I had access to interviewing the victims and the offenders, so I went to all the prisons in Delaware and saw all the offenders. I got to watch the videos of their dialogue—no one else is present because it is between the victim and the offender and the facilitator, they don’t let researchers be present.

With permission I got their case notes and homework assignments because they work at least six motnts, up to a year with the facilitator before they meet face to face, and they’re well prepared and have a separate idea of what they want with the program and have an idea of what they want to get out of the program and what they want to tell the victim or tell the offender.

What I did was talk to them about what they though the advantages and disadvantages were or what the benefits were and then I followed up about a year to a year and a half later to see if they still felt the same about the program and they did.

 

How does this program affect or benefit the offender?

I think with many offenders, not just the ones in this book, they are often angry or they have substance abuse issues when they’re young and they don’t really think that the victim is a person and they don’t really understand the consequences of their behavior.

It usually takes about three years for victim sensitivity programs in prison to help inmates develop empathy for their victims. Initially, they’re probably pissed off—excuse my language—that they were arrested and that they were caught and they’re not really thinking about other people.

All the people that I interviewed, it had been quite some time since their arrest, and they had a lot of time reflect on their lives and come to terms to terms with what they did. They all initially said , except for the drunk driving and homicide, that they really didn’t really think that it would have such an impact on the victim’s life because it was an opportunistic crime or they were pissed off or high.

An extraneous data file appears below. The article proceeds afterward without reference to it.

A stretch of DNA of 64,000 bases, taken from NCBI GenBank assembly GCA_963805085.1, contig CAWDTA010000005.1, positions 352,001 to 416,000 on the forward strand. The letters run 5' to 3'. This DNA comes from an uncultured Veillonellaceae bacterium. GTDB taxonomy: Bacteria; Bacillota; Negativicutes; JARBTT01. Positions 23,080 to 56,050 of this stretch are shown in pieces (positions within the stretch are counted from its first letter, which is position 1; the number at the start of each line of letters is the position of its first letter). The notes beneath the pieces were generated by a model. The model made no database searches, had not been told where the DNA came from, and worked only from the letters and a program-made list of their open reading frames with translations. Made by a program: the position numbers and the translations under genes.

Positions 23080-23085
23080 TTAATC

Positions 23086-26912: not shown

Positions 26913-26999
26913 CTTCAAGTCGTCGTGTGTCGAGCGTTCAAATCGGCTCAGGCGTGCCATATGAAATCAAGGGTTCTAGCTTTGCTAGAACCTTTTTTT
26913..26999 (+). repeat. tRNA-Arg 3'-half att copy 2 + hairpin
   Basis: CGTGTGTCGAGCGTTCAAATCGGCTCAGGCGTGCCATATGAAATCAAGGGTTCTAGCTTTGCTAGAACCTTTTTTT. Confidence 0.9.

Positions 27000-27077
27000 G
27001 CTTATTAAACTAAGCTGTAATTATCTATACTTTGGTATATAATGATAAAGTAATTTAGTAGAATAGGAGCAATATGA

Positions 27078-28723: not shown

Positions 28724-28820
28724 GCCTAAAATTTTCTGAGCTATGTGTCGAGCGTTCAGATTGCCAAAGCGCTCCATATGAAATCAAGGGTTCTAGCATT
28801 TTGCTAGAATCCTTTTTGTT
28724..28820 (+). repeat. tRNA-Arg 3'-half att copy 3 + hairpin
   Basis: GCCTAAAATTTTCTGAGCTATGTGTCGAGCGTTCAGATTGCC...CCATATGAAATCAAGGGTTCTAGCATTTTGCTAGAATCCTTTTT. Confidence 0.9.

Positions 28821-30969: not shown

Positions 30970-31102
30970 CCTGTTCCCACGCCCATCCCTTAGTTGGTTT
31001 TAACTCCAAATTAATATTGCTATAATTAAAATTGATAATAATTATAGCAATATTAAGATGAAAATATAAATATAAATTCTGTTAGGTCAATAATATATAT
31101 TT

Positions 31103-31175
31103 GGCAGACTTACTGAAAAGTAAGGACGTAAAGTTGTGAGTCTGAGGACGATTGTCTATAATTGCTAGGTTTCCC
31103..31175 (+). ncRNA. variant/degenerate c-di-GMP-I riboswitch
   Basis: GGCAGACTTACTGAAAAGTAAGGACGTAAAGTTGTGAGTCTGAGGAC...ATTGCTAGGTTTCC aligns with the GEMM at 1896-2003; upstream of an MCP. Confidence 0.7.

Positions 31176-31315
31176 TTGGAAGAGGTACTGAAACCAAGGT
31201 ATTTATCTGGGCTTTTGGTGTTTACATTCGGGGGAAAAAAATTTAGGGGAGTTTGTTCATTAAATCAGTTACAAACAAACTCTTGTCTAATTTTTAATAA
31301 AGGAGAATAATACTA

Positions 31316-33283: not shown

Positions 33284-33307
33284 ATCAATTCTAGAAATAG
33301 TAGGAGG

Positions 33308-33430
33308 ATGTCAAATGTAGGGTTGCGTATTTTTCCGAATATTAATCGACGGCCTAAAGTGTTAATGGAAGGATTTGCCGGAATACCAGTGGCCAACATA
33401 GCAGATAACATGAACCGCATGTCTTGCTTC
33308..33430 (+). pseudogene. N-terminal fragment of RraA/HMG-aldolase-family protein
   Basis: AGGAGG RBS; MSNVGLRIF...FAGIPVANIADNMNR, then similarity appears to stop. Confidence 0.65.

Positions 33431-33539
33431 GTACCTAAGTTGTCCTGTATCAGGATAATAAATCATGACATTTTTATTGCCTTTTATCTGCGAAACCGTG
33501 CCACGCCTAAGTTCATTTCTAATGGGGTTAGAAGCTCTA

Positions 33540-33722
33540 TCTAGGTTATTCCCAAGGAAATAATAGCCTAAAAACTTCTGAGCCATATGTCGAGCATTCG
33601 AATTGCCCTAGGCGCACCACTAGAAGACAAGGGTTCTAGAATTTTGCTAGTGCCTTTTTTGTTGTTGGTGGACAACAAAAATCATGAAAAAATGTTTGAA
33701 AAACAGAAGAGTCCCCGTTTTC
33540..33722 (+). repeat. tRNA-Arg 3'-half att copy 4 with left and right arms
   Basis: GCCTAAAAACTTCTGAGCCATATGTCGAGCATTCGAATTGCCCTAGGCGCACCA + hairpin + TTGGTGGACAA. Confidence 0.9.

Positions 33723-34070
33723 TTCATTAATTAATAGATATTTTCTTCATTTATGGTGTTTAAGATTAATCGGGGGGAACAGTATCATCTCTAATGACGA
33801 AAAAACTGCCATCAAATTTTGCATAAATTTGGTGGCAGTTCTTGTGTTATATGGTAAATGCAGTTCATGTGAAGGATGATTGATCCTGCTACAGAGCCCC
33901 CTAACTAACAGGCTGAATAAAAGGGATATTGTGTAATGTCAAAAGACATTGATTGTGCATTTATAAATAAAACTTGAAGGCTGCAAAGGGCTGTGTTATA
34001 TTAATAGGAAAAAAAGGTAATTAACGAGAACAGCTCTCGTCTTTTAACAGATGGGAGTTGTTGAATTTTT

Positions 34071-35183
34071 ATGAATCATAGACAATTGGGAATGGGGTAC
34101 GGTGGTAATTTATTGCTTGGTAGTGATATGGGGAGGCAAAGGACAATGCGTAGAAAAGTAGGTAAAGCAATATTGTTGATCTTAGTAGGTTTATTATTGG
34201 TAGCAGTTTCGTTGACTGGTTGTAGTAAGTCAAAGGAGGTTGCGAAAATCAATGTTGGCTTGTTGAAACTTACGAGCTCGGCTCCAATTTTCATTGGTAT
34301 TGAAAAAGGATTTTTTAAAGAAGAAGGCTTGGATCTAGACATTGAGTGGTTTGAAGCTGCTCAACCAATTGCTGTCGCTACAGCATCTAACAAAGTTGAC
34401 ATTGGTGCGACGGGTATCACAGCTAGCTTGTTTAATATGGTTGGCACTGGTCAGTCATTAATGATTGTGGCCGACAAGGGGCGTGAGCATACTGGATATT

What kind of societal gains, do you believe, can be reached with restorative justice? Should it be employed more often in the justice system at large?

I think that with the proper protection and safety measures in place, they could be implemented in larger scales and number of people. I think there are huge benefits for the victim, but for the offenders to understand what they’re doing, and most offenders are going to be released, 97 to 98 percent are going to be released into the general population . So everyone in society rehab has an invested interest in them being law abiding, and trying to change their behavior into more law abiding lives.

Most victims initially are glad the offender was punished, but they’re not interested in revenge or vindictive. Over time, they realize just because the offender was locked up, that it didn’t make them feel any better.

One of the offenders, a rapist, wrote a letter to every member of the victim’s family that was affected by the rape, apologizing for everything. He also wrote a letter for her to juvenile centers at a juvenile facility, telling them that if you keep doing what you’re doing, you’re going to end up like me.
I think there’s a lot of good lessons that have been learned, even looking at this smaller program that can extend to larger programs as long as there are safety precautions.

 

Could this particular program be used with gender-related crimes, such as spousal abuse or similar crimes? What obstacles might stand in the way of doing that?

I think that particular obstacle is likely to occur after arrest, before conviction, and not in these particular programs I looked at. But I think those are still really big concerns, not that we can’t overcome them.

The concern is that he could try to exert some kind of power or intimidation and the people in the room might not even be aware of it because there has been a history of ways to use glances or looks to intimidate a victim.

The victims of domestic violence who have participated post-conviction, they’ve been away from the abuser and are out of that kind of relationship and they’ve reclaimed their power and they’re more empowered by this program. They feel safer because it’s not so close to the offense.

I think that there’s a possibility that with gender-violence crime, this program could be used or a restorative justice program could be used earlier on, but there has to be a person in the room and in the program who are really well-trained in child-sexual abuse or battering and partner violence so they can really understand how the dynamics will play out.

 

Victim’s Voices Heard is a non-profit organization, participated in Susan’s research. They assist in helping victims explore dialogue with those who committed a violent offense against them. Visit their website for more details.